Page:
This Special Thought Of The Day Has Been Brought To You By An LSAT Test This Special Thought Of The Day Has Been Brought To You By An LSAT Test
For those of you who don’t know, I have been studying for that wretched test that is the LSAT for the last couple of... This Special Thought Of The Day Has Been Brought To You By An LSAT Test

For those of you who don’t know, I have been studying for that wretched test that is the LSAT for the last couple of months. Although most of the studying for this test has been incredibly frustrating and rather dull, I did manage to uncover something very insightful for all of us to marinate on from question #11, Section 3, of prep Test #62(Dec).

Counselor: Many people assume that personal conflicts are inevitable, but that assumption is just not so. Personal conflicts arise primarily because people are being irrational. For instance, people often find it easier to ascribe bad qualities to a person than good ones–even when there is more evidence of the latter. If someone suspects that a friend is unreliable, for example, a single instance may turn this suspicion into a feeling of certainty, whereas a belief that someone is reliable is normally built up only after many years of personal interactions.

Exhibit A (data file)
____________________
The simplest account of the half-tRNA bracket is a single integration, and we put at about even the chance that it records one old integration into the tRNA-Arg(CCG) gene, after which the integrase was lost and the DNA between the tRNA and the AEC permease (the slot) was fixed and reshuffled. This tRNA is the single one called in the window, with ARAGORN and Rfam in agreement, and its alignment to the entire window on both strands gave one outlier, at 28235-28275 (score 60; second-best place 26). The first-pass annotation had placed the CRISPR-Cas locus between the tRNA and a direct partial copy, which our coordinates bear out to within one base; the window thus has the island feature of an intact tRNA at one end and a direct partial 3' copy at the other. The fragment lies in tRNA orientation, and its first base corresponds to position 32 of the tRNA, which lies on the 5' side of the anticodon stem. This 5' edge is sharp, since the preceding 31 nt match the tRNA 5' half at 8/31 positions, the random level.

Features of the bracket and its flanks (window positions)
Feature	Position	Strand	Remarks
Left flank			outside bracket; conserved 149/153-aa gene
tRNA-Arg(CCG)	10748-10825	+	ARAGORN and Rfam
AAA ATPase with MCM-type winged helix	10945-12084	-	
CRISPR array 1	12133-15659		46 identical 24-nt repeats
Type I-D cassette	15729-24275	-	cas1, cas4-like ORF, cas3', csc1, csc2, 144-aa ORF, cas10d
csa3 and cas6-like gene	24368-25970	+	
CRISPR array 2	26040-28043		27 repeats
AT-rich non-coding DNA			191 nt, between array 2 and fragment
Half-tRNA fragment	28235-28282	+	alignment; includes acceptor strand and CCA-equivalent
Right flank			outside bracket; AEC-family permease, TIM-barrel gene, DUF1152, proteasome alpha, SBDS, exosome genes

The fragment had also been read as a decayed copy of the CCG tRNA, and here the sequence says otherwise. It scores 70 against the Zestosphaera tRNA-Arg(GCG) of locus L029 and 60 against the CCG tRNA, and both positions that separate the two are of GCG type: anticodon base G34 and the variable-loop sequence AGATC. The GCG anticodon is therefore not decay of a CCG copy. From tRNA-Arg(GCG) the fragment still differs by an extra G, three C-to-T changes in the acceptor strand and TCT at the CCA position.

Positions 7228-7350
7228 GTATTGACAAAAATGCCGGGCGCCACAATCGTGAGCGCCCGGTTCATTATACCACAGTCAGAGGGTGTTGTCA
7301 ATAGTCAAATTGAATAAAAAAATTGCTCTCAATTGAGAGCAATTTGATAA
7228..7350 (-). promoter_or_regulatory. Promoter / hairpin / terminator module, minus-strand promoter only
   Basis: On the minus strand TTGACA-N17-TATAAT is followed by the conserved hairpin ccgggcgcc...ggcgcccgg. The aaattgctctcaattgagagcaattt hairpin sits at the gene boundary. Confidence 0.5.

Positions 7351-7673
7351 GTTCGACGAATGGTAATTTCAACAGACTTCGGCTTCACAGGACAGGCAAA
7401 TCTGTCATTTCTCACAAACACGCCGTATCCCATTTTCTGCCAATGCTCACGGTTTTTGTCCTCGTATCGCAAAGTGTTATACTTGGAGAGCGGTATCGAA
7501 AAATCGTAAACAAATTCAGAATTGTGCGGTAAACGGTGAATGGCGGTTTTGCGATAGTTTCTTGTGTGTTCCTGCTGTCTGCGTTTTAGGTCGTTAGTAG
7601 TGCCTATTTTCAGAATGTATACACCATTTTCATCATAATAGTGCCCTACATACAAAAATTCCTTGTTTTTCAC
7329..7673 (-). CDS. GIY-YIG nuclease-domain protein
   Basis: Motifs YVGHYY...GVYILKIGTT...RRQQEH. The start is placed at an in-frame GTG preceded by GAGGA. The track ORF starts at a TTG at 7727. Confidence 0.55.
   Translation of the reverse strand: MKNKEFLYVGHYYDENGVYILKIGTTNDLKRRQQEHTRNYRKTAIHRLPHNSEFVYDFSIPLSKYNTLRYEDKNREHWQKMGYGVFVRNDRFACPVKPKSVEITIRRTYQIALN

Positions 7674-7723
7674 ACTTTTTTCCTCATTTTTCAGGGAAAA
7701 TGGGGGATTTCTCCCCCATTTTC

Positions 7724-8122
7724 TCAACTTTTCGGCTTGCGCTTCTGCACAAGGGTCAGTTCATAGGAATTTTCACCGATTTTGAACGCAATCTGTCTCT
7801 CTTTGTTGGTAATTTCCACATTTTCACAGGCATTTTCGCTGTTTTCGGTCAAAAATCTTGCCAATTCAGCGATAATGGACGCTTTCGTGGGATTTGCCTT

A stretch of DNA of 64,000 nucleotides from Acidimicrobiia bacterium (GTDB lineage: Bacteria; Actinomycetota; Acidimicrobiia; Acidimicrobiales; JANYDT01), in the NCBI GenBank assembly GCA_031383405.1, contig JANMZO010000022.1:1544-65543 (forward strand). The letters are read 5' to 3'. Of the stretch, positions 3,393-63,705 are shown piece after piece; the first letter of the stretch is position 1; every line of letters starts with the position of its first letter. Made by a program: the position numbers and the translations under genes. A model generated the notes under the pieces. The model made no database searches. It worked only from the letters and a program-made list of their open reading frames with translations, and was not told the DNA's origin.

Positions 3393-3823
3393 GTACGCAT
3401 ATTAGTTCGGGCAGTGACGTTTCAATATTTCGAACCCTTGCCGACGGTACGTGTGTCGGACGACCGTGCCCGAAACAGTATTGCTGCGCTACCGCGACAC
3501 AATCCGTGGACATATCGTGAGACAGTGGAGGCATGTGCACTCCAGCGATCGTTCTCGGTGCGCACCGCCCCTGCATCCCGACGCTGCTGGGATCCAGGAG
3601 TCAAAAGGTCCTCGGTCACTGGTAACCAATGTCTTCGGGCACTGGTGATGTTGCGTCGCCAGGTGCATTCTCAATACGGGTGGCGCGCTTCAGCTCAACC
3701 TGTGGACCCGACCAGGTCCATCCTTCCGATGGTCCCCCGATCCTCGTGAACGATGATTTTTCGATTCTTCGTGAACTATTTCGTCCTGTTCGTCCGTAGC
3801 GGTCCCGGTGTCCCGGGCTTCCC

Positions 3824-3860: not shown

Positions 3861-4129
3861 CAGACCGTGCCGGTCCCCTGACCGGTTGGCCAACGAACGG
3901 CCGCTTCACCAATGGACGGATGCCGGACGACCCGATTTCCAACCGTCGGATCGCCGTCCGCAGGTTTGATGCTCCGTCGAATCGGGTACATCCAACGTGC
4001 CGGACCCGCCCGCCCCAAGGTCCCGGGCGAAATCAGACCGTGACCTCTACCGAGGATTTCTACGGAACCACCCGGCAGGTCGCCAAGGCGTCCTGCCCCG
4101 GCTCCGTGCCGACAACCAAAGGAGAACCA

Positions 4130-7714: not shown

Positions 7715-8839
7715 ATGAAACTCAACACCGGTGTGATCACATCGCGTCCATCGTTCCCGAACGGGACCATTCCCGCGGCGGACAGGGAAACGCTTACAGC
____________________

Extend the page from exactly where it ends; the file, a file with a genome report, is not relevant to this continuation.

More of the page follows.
I wish this little passage didn’t hold as much truth in my life as it does. How about yours?

No comments so far.

Be first to leave comment below.

Your email address will not be published. Required fields are marked *